In this article, we will share a story of King Tut’s tomb, which was discovered a century ago. You will be thinking about who was King Tut and how King Tut’s tomb was discovered. So, let’s read the story of the discovery of King Tut’s tomb in detail!
Lady Fiona Herbert
The eighth Countess of Carnarvon, Lady Fiona Herbert, turns the folio pages of a leatherbound guest book, pointing out the names of prominent guests who frequented her renowned residence a century ago. We are in the upper levels of Highclere Castle, a magnificent country estate located about 50 miles west of London and recently used as the backdrop for the hit historical drama Downton Abbey.
The Fifth Earl
She refers to him as “The Fifth Earl,” and he is famed for supporting British archaeologist Howard Carter in his tenacious search for King Tutankhamun’s hidden tomb. A diverse group of explorers, diplomats, socialites, and—a little unexpectedly for an English aristocrat—leaders of Egypt’s independence movement gathered to Lord Carnarvon’s opulent gatherings at Highclere.
On July 13, 1920:
On July 3, 1920, Lady Carnarvon paused and welcomed the attendees as if she were there herself.
“Of course, this is Howard Carter, who spent weeks organizing the excavations with the Fifth Earl here each summer. Lord Allenby, High Commissioner of Great Britain Lady Diana Cooper, the lovely wife of Alfred Duff Cooper.”
She identified several signatures, some of which are written in Arabic.
“Look there, too. Saad Zagloul, Adly Yeghen, and other early Egyptian state founders Egypt’s national hero, Zagloul, was imprisoned and sent into exile for his opposition to the British occupation. Yet there he was, mingling with influential British people.”
Lady Carnarvon comments on the earl, saying,
“I can see what he was doing since I do it myself.”
Before engaging in treaty negotiations or resolving a political crisis,
“the Fifth Earl was bringing individuals together informally, where they could create a modicum of personal trust, perhaps even friendship.”
On his doctor’s suggestion, Lord Carnarvon started spending the winters on the Nile in 1903. His innately ill health was worsened by a nearly fatal car accident that left him with seriously damaged lungs.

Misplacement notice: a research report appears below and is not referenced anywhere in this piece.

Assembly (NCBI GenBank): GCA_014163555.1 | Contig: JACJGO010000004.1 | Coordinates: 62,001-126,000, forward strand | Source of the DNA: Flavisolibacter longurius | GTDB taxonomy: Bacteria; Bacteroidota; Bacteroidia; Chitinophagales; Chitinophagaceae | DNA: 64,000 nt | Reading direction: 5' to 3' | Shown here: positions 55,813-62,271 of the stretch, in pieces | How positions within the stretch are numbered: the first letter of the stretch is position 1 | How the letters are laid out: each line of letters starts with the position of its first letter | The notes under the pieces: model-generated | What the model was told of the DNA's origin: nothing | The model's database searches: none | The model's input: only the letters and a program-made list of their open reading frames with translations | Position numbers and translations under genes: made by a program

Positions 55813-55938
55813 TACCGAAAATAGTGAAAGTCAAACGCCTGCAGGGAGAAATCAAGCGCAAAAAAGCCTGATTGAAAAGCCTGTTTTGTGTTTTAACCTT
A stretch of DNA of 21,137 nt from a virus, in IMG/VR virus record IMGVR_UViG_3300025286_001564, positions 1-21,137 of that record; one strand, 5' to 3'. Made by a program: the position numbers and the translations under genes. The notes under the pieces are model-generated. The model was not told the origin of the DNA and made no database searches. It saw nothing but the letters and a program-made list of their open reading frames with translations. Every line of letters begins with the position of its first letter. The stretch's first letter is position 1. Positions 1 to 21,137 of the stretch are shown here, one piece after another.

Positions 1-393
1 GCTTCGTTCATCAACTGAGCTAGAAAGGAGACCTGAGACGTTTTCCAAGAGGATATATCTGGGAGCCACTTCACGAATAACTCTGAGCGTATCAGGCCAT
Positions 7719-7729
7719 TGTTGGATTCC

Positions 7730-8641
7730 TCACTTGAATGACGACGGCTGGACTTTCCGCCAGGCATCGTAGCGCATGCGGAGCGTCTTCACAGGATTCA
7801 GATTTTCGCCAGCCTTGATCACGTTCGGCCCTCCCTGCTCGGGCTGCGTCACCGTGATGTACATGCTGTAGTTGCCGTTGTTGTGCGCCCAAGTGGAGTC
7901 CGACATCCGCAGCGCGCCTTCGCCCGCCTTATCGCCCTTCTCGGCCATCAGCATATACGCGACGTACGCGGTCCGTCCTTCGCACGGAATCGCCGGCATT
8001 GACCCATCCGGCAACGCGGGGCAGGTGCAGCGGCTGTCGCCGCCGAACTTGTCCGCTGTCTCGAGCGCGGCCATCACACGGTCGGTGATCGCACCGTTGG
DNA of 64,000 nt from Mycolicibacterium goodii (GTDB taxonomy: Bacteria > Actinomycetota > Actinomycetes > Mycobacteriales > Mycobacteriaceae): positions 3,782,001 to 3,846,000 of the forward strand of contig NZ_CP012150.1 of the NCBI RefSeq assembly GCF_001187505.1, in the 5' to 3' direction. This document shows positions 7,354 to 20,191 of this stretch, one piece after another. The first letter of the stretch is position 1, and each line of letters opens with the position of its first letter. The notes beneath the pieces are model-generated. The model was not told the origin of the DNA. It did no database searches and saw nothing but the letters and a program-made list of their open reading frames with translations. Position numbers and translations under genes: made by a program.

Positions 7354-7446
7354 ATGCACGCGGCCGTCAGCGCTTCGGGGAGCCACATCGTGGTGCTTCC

Lord Carnarvon soon enjoyed Egyptian artifacts as much as the country’s atmosphere. He employed Carter in 1907 to oversee the excavations he was supporting and to look for objects for his expanding collection at Highclere.
LeftEngland for Egypt
With no professional background in archaeology but an unmistakable flair for art, Carter left England for Egypt when he was just 17 years old. He developed a remarkable eye for artifacts, and the Egyptian Antiquities Service designated him as one of its two principal antiquities inspectors in 1899.
Following what he later described as a “bad affray” with a party of French tourists, Carter’s fortunes abruptly changed in 1905. (Carter claimed they were intoxicated and violent, though he subsequently acknowledged having a “hot temper”). His superior advised him to convey his regrets to prevent a diplomatic issue. He refused, believing that the only proper course of action was resignation, which he eventually did after a few months.
When Carter met Lord Carnarvon two years later, he earned a living by selling watercolors to wealthy tourists. Although the two guys were very different regarding social standing, they both had a love for ancient Egypt.
Together, they would unearth a little-known kid king who had been buried with an incredible collection of treasures and had been virtually forgotten for over 3,000 years. Moreover, one of archaeology’s greatest successes, the discovery gave the world a stunning glimpse of ancient life on the Nile. It gave modern Egyptians a renewed sense of identity and self-determination.
After five years of suffering with little reward, Carter’s benefactor lost hope. The valley might have been exploited and played out. Lord Carnarvon called Carter to Highclere in June 1922 and told him he was giving up on the valley.
Carter begged for another digging season and even offered to foot the bill. Lord Carnarvon consented grudgingly. On October 28, 1922, Carter returned to Luxor, and time was running out. Therefore, seven days later, he made a happy discovery of King Tut’s tomb that quickly rocked his world.